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Case Report | Volume 5 Issue 2 (April-June, 2015) | Pages 51 - 53

Metastases of Follicular Thyroid Carcinoma to the Nasal Cavity and Paranasal Sinus: A Rare Case Report

School of Medical Sciences, Universiti Sains Malaysia Health Campus, Kelantan, Malaysia
Department of Otorhinolaryngology, School of Medical Sciences, Universiti Sains Malaysia Health Campus, Kelantan, Malaysia
Under a Creative Commons license
Open Access
June 30, 2015


Follicular thyroid carcinoma is the second most common thyroid cancer after papillary carcinoma. However, follicular thyroid carcinoma ranks first in producing distant metastases among thyroid cancers. Distant metastases at the time of diagnosis are reported in 11-20% of the patients. The usual sites of metastases are lung and bone. We present an unusual case of metastases of follicular thyroid carcinoma to the nasal cavity and paranasal sinuses in a 56-year-old Malay woman who had undergone total thyroidectomy and radioiodine ablation. She presented with recurrent epistaxis, nasal blockage and progressive worsening of vision. She was offered palliative radiotherapy to the metastatic lesions but she declined.


Thyroid cancer can be divided into 4 subtypes; papillary, follicular, medullary and anaplastic carcinomas. Papillary and follicular carcinomas are grouped as differentiated thyroid cancer (DTC)[1]. Follicular thyroid carcinoma is the second most common thyroid cancer after papillary carcinoma but it ranks first in producing distant metastases among all types of thyroid cancers[[1]]. Distant metastases at the time of diagnosis are reported in 11-20% of the patients. The commonest site of metastases is lung followed by bone [1, 2]. Other distant metastases are rare or relatively rare and involve the brain, breast, liver, kidney, muscle, and skin [1, 3]. Metastases of follicular thyroid carcinoma to paranasal sinus and nasal cavity are extremely rare, with only 11 cases reported in the English and European literature [3]. Due to the extremely low incidence, metastases of the thyroid cancer to the paranasal sinus and nasal cavity is usually not taken into clinical consideration, resulting in poor outcome and prognosis for the patient [2, 3]. Our aim is to draw attention of the clinicians topatterns of rare metastases from differentiated thyroid carcinoma (DTC). The current proposed management for metastases of follicular thyroid carcinoma to the paranasal and nasal regions is mainly palliative radiotherapyand which has limited role in improving the mortality and morbidity [3].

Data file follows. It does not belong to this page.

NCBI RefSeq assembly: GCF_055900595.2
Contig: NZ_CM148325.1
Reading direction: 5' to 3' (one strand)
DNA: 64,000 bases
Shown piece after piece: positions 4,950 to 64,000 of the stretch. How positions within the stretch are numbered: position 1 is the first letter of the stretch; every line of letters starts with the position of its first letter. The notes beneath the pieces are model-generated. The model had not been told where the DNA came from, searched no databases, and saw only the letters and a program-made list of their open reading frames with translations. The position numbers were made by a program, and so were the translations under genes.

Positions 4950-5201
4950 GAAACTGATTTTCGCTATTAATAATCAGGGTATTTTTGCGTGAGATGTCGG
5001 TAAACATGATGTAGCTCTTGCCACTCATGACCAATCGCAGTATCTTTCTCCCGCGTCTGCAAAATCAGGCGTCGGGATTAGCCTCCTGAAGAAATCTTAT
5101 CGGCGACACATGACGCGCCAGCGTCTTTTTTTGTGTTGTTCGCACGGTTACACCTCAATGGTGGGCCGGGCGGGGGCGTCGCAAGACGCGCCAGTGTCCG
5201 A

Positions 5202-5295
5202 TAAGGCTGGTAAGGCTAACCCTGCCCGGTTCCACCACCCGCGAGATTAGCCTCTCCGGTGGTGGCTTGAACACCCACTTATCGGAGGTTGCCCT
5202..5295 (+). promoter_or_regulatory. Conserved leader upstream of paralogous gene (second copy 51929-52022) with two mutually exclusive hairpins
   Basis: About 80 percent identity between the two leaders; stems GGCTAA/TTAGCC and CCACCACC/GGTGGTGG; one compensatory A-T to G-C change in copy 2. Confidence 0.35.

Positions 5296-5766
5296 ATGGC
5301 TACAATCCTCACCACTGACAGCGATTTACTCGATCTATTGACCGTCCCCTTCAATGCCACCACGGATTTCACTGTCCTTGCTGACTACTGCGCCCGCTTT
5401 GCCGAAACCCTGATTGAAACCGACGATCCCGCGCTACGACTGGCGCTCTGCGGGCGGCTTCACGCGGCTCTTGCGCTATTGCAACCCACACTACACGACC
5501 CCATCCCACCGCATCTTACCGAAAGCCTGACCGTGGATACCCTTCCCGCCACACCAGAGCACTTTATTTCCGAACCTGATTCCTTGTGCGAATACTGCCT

A 56-year-old Malay woman presented to the University Hospital of Universiti Sains Malaysia (HUSM) with recurrent epistaxis, nasal blockage and progressive blurring of vision for 6 months. Patient had been diagnosed with thyroid cancer 2 years ago and had underwent total thyroidectomy a year later at another hospital. After the operation, she was scheduled for 10 cycles of radioactive ablation. She started to develop all these symptoms when she reached the sixth cycle of the radiotherapy. Due to different hospital policies, the details of her radiotherapy records at another hospital could not be obtained. Patient denied history of trauma to the head or nose or bleeding tendencies. She did complain of progressivelyreduced smell and taste sensations for few months prior to her current admission. She had no family history of thyroid cancer or bleeding disorder. On physical examination, patient was conscious but had cachexia. She was clinically euthyroid. A massive haemorrhaging mass completely occupying the right nasal cavity was noted on anterior rhinoscopy. The nasal septum had deviated -ted to the left side and the left nasal passage was narrow with a small mass protruding from the nasal cavity. The right nose could not detect smell and cold spatula and Cottle tests were negative for the right nose, suggestive of complete obstruction. The left nose could still detect smell. Endoscope could not be inserted into the right nasal cavity due tocomplete obliteration of the cavity. Eye assessments revealed non perception of light for right eye and temporal hemianopia of left eye. Neurological assessments, cardio-respiratory and abdomen examinations were otherwise normal. There were no cervical lymphadenopathy or neck masses. Contrast enhanced computed tomography (CECT) showed a large ill-defined heterogenous contrast enhancing mass occupying the nasal cavity, nasopharynx, ethmoid bone, sphenoid sinus, cavernous sinus and sella. The lesion measured about 7.3 cm x 5.6cm x 6.7cm. Destruction of the nasal bone, bilateral lamina papyracea, cribriform plate and surrounding tissues was present. No enhancing lesion was noted within the brain parenchyma. Gray and white matter was preserved.Histopathological examination (HPE) of the biopsy from the nose mass confirmed the diagnosis of follicular thyroid carcinoma.Her chest radiograph was normal with no evidence of pulmonary metastases. A CT scan of the abdomen was also normal with no liver metastases. In addition, complete blood count, thyroid function tests, liver and kidney function tests were also normal. The patient was counseled intensively and advised palliative radiotherapy. Palliative low dose radiotherapy of about 20-30Gy was planned to give in 5 to 10 fractions. However, patient refused treatment. She was also referred to neuro-ophthalmology, neurosurgery and oncology units for further management but again she declined. She was given daily nasal packing to stop bleeding as recurrent epistaxis might have predisposed her to develop anemia and hypovolemic shock in severe case. Patient was discharged 3 days later but she did not keep her follow-up appointments. Hospital staff went to her house 1 week later to visit her but found that she has moved to another locationand hence, could not be contacted.